A visit to Whitechapel Gallery en route to a concert proved disappointing as Benedict Drew’s The Trickle-Down Syndrome was slight, A Handful of Dust was a bit pointless and the ISelf Collection underwhelming!

White Cube Bermondsey is such a big gallery that trying to fill it with women surrealists was bound to lead to variable quality, but fortunately there was enough good stuff to make Dreamers Awake worthwhile.

You don’t expect to see Picasso in a private gallery, let alone 111 paintings, drawings, sculptures, tapestries & ceramics of Minotaurs and Matadors, all bar one from private collections! It wasn’t a selling exhibition and entrance was free, so I’m not sure how the Gagosian funds it, but I’m glad they do.

Gregory Crewdson‘s heavily staged and artificially lit photos are like stills from an indie movie or paintings by Edward Hopper, which appear to tell a story but tantalisingly don’t, quite. His Cathedral of the Pines exhibition at the Photographers Gallery puts nudes in white clapperboard houses in snowy landscapes. Weird but a little bit wonderful.

A lovely double-dip at the NPG en route to the theatre, starting with the excellent class of 2017 at the BP Portrait Award, followed by The Encounter, featuring drawings from the 15th to 17th centuries, mostly culled from private collections including fifteen, a third of them, from the Queen! Another treat.

Soul of a Nation: Art in the Age of Black Power at Tate Modern took me by surprise. Covering just 20 years of Black American art from the outset of the 1960’s civil rights movement, it contained some powerful, bold political statements alongside some terrific abstract pictures.

Though low lighting and overcrowding made Hokusai: Beyond the Great Wave at the British Museum a bit of a challenge, it was great to see his complete range of gorgeous, finely detailed work. I shall now pour through the catalogue to see them properly!

The month ended on a real art high with Alma-Tadema at Leighton House, an artist I’d never heard of whose very comprehensive retrospective was absolutely fabulous.

Advertisements

Read Full Post »

Contemporary Music

Eliza Carthy & Jim Moray’s double celebration at Union Chapel could have been so good. My favourite venue, a great 13-piece band & good song selection from Carthy. Sadly, when the whole band played, the sound just wasn’t up to it. Her voice and fiddle were often buried, I couldn’t make out most of the lyrics and it was hard to pick out individual instrumentation; in short, a shit mix. They seemed surprised and upset when they had to abandon two or three songs at the end because of the Union’s curfew; something that must have been known to the promoter (Barbican Centre) & could have been easily overcome by shortening the 30 min interval. A lost opportunity.

Classical Music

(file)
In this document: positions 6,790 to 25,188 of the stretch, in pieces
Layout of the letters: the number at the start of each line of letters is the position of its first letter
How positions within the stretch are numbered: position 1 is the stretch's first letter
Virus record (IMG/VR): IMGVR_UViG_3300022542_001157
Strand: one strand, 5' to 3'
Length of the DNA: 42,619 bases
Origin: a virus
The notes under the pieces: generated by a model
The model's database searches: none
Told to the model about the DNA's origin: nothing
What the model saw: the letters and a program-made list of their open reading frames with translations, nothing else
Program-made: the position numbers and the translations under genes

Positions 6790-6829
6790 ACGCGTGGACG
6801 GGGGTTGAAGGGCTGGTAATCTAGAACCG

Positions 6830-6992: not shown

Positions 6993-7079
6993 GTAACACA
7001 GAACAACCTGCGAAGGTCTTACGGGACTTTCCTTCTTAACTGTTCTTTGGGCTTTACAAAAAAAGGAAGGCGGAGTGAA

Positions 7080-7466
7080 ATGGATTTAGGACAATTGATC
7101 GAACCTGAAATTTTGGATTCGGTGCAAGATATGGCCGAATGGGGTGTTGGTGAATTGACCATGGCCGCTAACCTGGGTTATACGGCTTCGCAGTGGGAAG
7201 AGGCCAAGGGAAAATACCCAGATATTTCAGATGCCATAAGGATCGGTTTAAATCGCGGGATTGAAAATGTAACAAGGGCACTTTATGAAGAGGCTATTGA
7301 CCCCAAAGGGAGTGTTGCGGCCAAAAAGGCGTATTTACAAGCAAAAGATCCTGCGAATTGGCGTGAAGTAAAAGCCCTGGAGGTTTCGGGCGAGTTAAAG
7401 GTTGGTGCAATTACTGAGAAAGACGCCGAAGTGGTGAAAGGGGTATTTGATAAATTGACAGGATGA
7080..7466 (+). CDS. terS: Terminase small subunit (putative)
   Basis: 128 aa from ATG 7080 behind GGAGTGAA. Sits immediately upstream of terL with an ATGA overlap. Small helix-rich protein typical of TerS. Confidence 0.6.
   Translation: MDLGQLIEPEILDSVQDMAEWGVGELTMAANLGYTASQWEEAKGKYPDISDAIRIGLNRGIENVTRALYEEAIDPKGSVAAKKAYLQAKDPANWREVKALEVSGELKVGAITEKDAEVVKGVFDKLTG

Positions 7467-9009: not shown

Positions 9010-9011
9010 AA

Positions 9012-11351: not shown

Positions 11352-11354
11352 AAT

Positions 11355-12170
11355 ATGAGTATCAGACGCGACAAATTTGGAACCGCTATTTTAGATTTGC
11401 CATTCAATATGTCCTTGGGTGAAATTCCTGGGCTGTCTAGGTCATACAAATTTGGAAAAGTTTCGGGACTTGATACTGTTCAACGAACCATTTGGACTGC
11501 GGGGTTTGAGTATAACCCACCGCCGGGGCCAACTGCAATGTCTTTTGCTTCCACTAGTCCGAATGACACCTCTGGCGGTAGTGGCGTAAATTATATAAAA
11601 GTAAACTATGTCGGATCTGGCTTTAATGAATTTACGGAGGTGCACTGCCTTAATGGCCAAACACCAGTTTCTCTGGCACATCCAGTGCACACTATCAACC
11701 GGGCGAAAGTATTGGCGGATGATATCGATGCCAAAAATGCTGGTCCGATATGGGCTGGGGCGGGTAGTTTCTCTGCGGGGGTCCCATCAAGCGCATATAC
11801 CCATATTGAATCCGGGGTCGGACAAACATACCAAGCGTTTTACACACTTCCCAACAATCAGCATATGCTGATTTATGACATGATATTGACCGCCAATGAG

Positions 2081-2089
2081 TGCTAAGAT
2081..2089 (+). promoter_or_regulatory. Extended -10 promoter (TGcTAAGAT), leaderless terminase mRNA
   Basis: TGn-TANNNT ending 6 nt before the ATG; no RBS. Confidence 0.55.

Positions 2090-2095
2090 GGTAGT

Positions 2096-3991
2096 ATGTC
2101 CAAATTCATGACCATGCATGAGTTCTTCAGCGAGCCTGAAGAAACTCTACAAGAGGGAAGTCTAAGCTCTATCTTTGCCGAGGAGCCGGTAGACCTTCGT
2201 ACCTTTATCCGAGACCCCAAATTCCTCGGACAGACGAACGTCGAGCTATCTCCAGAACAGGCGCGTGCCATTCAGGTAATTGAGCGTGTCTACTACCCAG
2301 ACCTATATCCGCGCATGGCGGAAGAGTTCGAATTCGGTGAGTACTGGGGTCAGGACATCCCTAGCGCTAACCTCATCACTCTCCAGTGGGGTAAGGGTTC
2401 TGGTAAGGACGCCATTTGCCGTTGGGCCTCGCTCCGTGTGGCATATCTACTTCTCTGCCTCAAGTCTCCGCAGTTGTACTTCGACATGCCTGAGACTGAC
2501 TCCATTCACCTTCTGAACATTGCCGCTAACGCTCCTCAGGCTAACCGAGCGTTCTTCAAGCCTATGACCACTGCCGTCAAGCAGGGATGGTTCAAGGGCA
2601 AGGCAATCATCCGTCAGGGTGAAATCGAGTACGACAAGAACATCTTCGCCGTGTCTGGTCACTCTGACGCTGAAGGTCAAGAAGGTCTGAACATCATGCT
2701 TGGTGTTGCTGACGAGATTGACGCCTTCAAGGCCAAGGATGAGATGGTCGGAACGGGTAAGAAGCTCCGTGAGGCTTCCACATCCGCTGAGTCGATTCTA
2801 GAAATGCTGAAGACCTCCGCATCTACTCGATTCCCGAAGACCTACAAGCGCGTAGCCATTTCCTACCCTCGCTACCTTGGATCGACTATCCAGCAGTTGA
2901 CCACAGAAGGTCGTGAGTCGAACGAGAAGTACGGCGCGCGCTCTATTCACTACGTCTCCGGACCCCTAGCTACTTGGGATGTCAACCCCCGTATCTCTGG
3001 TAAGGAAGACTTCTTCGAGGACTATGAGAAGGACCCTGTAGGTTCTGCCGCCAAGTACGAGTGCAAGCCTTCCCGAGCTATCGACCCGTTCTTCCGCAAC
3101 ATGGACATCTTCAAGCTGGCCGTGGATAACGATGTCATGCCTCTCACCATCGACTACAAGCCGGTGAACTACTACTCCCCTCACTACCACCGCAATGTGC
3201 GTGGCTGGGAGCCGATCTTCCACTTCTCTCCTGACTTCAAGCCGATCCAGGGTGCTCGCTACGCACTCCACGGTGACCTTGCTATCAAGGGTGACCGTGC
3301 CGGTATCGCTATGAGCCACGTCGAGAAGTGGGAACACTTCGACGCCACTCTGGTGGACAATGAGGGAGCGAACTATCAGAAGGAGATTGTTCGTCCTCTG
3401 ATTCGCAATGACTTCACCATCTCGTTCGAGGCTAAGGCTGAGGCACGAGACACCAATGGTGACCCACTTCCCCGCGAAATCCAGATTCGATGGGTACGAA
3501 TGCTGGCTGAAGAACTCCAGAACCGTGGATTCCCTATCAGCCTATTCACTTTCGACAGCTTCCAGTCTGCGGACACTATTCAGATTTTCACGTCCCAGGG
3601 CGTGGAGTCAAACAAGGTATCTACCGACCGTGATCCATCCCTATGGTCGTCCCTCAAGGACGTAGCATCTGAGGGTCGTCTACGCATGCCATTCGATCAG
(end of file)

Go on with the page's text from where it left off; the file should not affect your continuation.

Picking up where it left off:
I’m not sure ‘staging’ Britten’s Canticles added that much, but it was very compelling and atmospheric. Two used dance, one acted out a scene, one had a giant film on the theatre’s brick back wall and one just used light. The music was however gorgeous, with Ian Bostridge singing all five, a stunning duet with Iestyn Davies in one and a trio, adding Benedict Nelson, in another.

Opera

Ballo, Opera Up Close’s latest offering, moves Verdi’s A Masked Ball from an 18th century Swedish court to a 21st century Swedish retail outlet on the North Circular. It’s heavily edited and the whole score is played on one piano, but most of the singing is good and it works, though it tries a bit too hard to be cheeky and irreverent and gets close to sending up the opera. Fun, though.

Dance

I much admired the Royal Ballet‘s Hansel & Gretel. Set in 50’s US – think Hitchcock’s Psycho – with a superb design by Jon Bausor, atmospheric music /soundscape by Dan Jones, original choreography by Liam Scarlett, great characterisations and excellent performances by all six dancers. You wouldn’t want to take a kid to this, though, as it’s as dark as they come with themes of abduction and hints at pedophilia. My one reservation was that there wasn’t a lot of story for 100 minutes of dance-drama.

I’m very fond of David Nixon’s unique dance dramas for Northern Ballet and The Great Gatsby is one of the best. There’s a lot of story to get over without words and the programme synopsis was essential. It looks gorgeous in Jerome Kaplan’s simple but elegant design. I loved the Richard Rodney Bennett compilation which included jazz, songs and period pieces like The Charleston. It was beautifully choreographed, including party dances, romantic moments, mysterious figures and fights. Great stuff.

Film

How disappointing Pedro Almodovar’s I’m So Excited is; such a slight piece. Carry on Flying in Spanish! It had some funny moments, enough for an episode of a Sit Com, but nowhere near enough to sustain a 90 minute feature. After The Skin I Live In, this is the second disappointment in a row from him.

In contrast, the new Star Trek film turns out to be the best yet. Benedict Cumberbatch is a great baddie, Simon Pegg an excellent comic Scottie, the 3D is exceptional and the addition of humorous touches works well. The best BIG action film I’ve seen in some time.